Beating the ‘Closing Line’, ‘Start Price’, or ‘SP’ refers to obtaining better odds than the final pre-event price. Bettors that can find a way to consistently beat the SP will earn steady profits.
By incorporating my research & findings into this article I’ve created a guide to Beating the SP. For those that are new to this site, this is a great place to start learning about profitable ways to bet.
The Closing Line/Start Price
The ‘Closing Line’ or ‘Start Price’ is the name given to the odds that existed the moment before an event started. They’re the final odds, essentially.
So why is that significant, you ask?
The Closing Line is important because it tells bettors whether the price they took earlier on turned out to be a good or a bad one. If the odds have gone down by the SP, then you’ve most likely succeeded in obtaining value. But if they’ve gone up, your bet probably holds negative value.
The reason why the SP odds can be used as a benchmark for value is because they mark the latest possible point before an event, where the most money has been matched before going inplay, and the public has the most information to hand.
To fully appreciate the “accuracy” of the start price, check out my post on the Wisdom Of Crowds Theor. In this article I conclude that by the start of an event, betting markets naturally form a strong “aggregation of diverse opinions” and a “wise” representation of the true probabilities for events.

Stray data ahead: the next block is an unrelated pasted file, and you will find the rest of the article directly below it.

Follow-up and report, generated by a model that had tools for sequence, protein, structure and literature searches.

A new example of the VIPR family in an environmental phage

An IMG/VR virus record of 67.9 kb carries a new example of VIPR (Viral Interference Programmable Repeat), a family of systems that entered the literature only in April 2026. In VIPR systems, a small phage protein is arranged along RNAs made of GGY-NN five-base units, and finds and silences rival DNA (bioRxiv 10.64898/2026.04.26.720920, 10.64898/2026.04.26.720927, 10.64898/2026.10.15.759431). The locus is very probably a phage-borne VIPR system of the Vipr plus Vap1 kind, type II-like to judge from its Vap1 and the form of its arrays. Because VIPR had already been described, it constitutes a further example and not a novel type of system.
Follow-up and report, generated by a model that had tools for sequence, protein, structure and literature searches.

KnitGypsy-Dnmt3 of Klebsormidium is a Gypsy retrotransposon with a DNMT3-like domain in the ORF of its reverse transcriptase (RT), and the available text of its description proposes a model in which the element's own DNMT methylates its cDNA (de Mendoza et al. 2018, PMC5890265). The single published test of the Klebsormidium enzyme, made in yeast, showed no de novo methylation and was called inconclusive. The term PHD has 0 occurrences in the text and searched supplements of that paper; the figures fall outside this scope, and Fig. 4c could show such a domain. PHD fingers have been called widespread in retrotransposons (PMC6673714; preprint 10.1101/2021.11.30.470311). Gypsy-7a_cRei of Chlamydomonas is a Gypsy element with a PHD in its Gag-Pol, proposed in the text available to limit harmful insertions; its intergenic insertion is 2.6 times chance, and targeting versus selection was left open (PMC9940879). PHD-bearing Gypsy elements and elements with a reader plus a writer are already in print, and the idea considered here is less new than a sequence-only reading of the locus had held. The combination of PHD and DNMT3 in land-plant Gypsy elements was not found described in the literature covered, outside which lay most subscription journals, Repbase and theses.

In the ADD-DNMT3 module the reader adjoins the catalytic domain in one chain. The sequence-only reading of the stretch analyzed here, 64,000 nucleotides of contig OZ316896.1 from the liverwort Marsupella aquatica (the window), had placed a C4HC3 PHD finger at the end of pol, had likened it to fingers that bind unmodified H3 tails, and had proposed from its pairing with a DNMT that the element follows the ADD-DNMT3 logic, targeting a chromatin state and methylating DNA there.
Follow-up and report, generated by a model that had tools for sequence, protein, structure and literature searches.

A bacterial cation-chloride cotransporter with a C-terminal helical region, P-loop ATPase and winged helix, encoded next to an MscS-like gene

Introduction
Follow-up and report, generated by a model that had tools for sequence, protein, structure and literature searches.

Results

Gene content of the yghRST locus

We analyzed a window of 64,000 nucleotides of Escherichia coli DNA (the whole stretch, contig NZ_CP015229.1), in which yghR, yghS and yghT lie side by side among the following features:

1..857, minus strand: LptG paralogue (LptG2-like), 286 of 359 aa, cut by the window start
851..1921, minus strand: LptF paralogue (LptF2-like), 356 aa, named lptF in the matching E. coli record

Therefore it’s very difficult to find value from the Start Price. The “crowd” (i.e. the betting public) eliminates most, or all, of the vastly incorrect prices. And incorrect prices are what bettors need in order to find value.
The Meaning Of “Beating The SP” or “Beating The Closing Line”
Beating the Closing Line in regular fixed odds betting simply means backing at odds greater than the start price. For example, backing a horse at 12.0 when the odds settled at 9.0 pre-race is said to be “beating the start price”.
From a sports trading perspective, beating the SP can be achieved in one of two ways:
- If you Lay at odds less than the SP. This upward price movement is described as a “drifter”.
- If you Back at odds greater than by the SP. This price downward movement is described as a “steamer”.
If you’re able to ‘beat’ the SP on every one of your bets then you’re onto a winner — even if you observe several fluctuations in the odds on the lead up to the event.
Beating the SP isn’t unique to horse racing or any other sport; the principle holds true for all sports.
How To Check If You’re Beating The SP
To verify whether or not you’re beating the SP, you must accurately record the odds at the start of the event and compare them to to the odds you’ve placed. This process can be very time consuming and tedious (which is why most bettors don’t bother).
For that reason, I highly recommend that you subscribe to Betting.com’s Portfolio Tracker. This enables subscribers to instantly record bets at current odds, check on automatically-settled results, and thoroughly analyse performance using a variety of different metrics — including comparisons with the SP. At a relatively low cost, the tool can help to separate profitable selections that consistently beat the SP, from the ‘losing’ bets that didn’t.
In the next section I elaborate on drifters and steamers, and provide conclusive evidence as to why punters should focus their efforts on beating the SP.